It’s hard to believe but, not that many years ago, nutrition experts were telling people to save their calories and skip the blueberries because they had no nutritional value.

Fast forward a few decades and blueberries are now widely revered as a superfood. In fact, investigators at the University of Alabama at Birmingham, studying the link between disease and nutrition, believe that eating just one cup of blueberries every day prevents cell damage linked to cancer.

Uniquely American, blueberries are native to North America and are rarely found in Europe. They grow naturally in the woods and mountainous regions of the United States and Canada.

Blueberries are full of antioxidants and flavonoids that help prevent cell damage. Antioxidants work by neutralizing free radicals – atoms that contain an odd number of electrons and are highly unstable. Free radicals can cause the type of cellular damage that is a big factor in cancer development.

Blueberries are rich in one particular type of flavonoid called anthocyanins. These compounds are water soluble pigments that are red, violet or blue depending on their pH level. Apples and blueberries both get their beautiful colors from anthocyanins.

In plants, anthocyanins act as antioxidants and protect the plant from oxidative damage. In cells, they perform a similar function. Many studies suggest that antioxidants like anthocyanins may help prevent the free-radical damage associated with cancer.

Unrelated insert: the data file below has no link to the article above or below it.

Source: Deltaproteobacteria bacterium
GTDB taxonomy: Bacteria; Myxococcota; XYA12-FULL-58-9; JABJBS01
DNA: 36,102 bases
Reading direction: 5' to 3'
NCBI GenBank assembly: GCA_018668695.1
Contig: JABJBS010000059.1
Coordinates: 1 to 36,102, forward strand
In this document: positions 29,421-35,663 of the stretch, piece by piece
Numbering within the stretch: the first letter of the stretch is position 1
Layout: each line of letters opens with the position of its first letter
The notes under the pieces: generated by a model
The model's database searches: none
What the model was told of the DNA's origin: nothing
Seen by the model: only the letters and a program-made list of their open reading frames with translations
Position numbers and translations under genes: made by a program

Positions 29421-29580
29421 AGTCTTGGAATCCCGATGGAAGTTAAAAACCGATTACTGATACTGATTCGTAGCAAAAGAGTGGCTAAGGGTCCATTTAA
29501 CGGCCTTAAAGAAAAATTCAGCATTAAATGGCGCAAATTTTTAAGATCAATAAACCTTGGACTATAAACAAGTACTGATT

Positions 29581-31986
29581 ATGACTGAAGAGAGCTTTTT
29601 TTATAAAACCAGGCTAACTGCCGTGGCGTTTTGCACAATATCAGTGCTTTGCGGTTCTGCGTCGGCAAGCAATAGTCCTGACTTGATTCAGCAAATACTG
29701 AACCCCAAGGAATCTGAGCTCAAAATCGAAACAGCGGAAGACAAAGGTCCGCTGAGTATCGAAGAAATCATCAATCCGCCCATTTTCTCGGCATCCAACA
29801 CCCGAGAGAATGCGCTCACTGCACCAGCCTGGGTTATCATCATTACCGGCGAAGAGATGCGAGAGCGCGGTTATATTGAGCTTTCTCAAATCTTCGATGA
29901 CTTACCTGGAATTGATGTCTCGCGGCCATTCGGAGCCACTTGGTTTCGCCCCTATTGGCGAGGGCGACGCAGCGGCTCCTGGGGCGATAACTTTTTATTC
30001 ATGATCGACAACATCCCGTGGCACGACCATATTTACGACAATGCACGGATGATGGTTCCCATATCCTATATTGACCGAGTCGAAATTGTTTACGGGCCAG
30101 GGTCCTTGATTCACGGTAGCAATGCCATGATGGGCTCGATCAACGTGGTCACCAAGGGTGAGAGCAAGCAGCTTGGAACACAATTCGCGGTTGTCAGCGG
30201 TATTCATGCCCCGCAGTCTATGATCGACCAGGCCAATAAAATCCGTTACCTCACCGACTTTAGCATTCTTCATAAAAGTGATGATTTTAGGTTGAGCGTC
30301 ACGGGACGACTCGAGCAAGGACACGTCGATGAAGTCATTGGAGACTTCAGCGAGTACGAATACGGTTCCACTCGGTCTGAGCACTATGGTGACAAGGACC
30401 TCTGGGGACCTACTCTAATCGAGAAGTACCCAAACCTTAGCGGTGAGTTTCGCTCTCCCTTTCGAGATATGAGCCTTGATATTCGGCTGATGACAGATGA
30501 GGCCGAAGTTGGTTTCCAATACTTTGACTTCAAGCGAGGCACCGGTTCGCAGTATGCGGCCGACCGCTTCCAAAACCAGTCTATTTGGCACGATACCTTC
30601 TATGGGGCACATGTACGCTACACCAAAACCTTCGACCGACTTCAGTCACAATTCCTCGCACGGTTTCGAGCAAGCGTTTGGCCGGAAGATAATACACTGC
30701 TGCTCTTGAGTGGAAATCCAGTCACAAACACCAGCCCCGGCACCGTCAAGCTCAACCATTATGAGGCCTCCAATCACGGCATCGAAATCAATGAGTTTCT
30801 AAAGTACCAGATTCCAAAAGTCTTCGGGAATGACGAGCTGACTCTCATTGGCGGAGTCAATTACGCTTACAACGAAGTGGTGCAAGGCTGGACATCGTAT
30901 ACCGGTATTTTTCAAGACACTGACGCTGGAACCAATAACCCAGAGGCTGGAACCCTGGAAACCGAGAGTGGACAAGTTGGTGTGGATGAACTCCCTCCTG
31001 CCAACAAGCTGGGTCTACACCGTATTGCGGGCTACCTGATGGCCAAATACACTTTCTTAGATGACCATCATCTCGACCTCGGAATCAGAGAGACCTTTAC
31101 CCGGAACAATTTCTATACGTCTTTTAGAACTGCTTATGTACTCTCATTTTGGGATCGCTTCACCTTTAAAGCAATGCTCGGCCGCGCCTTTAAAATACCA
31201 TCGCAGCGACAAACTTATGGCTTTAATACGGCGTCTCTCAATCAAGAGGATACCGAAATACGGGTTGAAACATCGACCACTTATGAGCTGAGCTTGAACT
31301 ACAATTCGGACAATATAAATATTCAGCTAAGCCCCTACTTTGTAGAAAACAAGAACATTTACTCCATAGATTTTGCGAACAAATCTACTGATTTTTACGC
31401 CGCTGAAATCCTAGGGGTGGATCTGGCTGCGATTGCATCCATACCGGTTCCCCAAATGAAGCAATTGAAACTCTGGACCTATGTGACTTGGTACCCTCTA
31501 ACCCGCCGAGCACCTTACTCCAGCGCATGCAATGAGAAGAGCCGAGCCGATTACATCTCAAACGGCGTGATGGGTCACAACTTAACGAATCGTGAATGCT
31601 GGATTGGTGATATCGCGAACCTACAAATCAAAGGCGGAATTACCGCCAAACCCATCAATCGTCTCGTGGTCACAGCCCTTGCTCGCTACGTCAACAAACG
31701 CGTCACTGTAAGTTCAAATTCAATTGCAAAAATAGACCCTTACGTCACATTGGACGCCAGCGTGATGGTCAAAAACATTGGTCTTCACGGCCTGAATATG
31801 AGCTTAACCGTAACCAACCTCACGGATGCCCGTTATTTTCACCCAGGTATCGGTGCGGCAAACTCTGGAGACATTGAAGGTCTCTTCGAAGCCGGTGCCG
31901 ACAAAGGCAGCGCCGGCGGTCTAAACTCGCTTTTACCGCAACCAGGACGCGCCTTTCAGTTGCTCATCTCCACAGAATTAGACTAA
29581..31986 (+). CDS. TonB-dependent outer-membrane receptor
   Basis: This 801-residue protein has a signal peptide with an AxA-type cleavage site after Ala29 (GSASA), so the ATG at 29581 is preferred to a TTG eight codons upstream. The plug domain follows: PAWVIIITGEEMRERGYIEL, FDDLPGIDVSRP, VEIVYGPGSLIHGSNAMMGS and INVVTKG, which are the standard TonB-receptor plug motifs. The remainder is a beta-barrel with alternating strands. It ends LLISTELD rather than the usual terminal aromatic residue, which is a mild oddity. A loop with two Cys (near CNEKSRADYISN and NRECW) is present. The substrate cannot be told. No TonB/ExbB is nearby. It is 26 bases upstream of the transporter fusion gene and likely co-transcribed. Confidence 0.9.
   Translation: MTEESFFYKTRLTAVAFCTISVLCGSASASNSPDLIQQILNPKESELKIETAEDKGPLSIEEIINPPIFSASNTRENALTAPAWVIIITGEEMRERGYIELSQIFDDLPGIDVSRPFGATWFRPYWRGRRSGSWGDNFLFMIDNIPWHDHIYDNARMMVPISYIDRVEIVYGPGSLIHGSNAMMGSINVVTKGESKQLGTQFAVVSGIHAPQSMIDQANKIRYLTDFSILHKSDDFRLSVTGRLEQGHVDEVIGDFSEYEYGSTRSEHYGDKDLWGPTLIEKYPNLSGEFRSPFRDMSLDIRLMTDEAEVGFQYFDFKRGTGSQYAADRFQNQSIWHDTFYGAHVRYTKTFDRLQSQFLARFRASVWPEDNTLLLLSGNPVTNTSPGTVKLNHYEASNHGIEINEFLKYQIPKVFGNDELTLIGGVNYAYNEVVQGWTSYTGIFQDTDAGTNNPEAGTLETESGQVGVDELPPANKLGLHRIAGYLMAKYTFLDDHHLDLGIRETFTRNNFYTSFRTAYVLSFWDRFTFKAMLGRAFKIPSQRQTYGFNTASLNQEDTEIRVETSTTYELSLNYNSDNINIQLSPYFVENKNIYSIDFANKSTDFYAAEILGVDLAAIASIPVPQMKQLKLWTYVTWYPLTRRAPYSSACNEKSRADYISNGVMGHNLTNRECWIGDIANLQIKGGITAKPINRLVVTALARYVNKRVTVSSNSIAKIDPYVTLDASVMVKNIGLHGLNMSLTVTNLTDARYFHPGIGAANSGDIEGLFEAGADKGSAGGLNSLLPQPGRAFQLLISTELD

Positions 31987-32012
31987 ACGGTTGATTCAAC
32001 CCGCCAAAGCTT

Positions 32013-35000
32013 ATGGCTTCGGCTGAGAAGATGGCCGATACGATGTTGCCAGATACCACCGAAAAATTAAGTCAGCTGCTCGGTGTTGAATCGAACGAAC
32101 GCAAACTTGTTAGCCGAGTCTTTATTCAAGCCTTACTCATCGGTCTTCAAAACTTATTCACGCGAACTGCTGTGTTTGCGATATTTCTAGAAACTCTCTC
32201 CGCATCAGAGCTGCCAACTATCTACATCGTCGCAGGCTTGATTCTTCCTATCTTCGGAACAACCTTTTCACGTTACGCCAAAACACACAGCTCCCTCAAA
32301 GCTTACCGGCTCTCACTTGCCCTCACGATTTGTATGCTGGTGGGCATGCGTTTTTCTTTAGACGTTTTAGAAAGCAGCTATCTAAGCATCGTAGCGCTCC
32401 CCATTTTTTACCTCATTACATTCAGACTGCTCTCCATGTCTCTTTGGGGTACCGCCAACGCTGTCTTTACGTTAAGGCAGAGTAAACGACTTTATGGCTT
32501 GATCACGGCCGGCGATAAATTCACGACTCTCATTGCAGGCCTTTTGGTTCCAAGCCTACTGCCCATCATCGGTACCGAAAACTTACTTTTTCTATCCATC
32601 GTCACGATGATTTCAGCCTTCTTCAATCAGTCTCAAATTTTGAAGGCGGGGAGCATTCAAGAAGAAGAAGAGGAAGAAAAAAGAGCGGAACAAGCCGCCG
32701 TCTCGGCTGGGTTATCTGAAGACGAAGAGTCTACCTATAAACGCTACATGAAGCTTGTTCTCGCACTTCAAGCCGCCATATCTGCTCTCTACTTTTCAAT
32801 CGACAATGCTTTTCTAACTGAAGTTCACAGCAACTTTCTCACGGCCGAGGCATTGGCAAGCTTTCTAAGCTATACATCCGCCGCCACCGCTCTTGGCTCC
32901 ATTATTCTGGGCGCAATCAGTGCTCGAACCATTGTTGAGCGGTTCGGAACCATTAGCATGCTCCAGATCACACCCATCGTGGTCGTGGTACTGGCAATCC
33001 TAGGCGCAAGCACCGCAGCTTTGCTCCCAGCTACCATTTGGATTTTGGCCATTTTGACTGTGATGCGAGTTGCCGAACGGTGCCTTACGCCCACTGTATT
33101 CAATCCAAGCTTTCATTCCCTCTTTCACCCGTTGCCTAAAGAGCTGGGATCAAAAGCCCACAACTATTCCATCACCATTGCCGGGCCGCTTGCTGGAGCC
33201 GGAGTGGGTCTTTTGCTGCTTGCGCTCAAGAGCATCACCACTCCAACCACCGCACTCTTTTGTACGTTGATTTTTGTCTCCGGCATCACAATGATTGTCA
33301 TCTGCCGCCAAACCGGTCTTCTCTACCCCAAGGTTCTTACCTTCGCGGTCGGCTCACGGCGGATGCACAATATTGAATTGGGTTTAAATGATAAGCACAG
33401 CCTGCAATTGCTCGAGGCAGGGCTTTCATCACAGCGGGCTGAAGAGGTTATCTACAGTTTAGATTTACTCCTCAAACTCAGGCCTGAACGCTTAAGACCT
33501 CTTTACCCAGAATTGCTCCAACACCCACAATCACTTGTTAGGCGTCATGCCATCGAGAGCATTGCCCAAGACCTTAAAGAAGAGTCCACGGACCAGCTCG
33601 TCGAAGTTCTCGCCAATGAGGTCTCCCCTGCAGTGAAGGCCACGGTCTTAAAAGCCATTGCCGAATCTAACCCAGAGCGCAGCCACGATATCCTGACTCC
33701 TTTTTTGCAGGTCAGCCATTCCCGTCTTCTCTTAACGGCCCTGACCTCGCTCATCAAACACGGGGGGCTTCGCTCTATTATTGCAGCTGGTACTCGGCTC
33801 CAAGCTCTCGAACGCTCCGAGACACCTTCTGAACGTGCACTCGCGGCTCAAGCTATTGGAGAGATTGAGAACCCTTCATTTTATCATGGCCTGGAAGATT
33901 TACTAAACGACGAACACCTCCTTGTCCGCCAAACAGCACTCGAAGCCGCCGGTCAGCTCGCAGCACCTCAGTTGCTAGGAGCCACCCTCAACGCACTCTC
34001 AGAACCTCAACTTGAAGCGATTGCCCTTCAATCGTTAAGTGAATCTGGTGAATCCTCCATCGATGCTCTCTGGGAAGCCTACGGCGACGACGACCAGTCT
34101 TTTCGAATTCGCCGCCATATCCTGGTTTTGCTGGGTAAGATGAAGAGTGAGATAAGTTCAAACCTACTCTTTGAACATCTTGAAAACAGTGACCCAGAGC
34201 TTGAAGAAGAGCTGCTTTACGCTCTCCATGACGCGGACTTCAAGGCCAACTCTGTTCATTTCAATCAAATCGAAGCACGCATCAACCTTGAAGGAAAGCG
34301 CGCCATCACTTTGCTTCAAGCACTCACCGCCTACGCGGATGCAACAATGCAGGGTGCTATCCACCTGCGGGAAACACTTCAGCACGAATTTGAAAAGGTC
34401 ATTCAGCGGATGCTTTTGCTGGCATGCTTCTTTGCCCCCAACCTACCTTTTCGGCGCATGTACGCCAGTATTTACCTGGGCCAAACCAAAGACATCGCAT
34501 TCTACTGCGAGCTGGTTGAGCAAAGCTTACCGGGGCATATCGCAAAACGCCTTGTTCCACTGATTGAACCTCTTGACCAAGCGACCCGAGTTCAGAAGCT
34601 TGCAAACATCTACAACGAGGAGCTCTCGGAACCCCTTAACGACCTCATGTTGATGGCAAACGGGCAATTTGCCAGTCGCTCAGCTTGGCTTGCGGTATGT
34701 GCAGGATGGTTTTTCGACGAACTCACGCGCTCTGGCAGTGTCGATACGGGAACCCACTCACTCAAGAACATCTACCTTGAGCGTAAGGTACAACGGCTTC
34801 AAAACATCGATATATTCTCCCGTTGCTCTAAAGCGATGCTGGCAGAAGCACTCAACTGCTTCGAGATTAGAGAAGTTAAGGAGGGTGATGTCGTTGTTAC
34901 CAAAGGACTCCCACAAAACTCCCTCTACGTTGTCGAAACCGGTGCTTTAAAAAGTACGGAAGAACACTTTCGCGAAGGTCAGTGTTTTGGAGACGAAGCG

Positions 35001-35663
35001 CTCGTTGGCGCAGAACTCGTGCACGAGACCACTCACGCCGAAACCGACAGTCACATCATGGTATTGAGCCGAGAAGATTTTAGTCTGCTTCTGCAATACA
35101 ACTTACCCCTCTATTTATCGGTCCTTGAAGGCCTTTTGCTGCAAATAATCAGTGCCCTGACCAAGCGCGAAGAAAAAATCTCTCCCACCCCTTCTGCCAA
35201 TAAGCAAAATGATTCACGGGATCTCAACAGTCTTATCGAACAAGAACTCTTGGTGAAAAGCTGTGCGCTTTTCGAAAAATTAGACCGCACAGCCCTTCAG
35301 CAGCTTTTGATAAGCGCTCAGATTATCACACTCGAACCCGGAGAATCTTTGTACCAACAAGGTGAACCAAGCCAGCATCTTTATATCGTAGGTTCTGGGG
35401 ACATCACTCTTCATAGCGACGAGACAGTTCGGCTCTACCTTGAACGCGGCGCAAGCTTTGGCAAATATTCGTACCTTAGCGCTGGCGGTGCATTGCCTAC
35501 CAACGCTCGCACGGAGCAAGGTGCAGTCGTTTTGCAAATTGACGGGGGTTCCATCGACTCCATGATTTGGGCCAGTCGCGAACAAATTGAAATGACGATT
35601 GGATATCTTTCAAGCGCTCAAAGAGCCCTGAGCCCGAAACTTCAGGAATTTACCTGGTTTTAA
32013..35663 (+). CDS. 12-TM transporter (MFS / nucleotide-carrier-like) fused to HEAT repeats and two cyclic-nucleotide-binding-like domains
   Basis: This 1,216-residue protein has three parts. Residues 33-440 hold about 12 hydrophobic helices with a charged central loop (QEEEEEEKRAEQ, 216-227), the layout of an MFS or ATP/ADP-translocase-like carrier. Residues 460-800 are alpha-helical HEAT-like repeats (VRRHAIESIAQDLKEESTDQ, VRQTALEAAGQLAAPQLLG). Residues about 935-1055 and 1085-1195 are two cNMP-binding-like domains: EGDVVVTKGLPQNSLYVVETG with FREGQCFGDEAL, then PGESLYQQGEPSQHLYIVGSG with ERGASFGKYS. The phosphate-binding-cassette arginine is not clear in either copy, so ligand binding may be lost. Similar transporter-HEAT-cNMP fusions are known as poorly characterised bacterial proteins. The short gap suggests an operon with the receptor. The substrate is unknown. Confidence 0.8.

But blueberries do even more. They are also rich in vitamin C, which supports the immune system and can help the body to absorb iron. That’s an important consideration for cancer patients because vitamin C also helps to keep blood vessels firm.

As with any fruit, blueberry juice and other processed products may contain some nutritional value but are often missing the soluble and insoluble fiber that blueberries provide. They may also have added sugars or high fructose corn syrup, which actually feeds cancer and defeats the health benefits of the fruit.

Fresh, raw blueberries provide the most health benefits. An average serving size of raw blueberries is one cup and contains about 80 calories. They are also great frozen. Try them in this easy 5-minute sorbet recipe.

Blueberry Mango Sorbet
From The Institute for Integrative Nutrition

1 bag frozen mango
1 bag frozen blueberries
1 tablespoon honey
1/4 cup apple juice

1.    Put all ingredients into a blender or Vita-Mix.
2.    Blend until creamy, about one minute. You may have to scrape down the sides of the machine a few times if using a regular blender.
3.    Serve immediately.
4.    Store any leftovers in the freezer to enjoy later.


2 Responses to “ Could Blueberries Beat Cancer? ”

  1. Michelle says:

    What amount constitutes “1 bag”?

  2. Janet says:

    Hi Michelle – The original recipe did not specify the size of the bag – but I’ve found most frozen fruit in 12 – 16 ounce bags.

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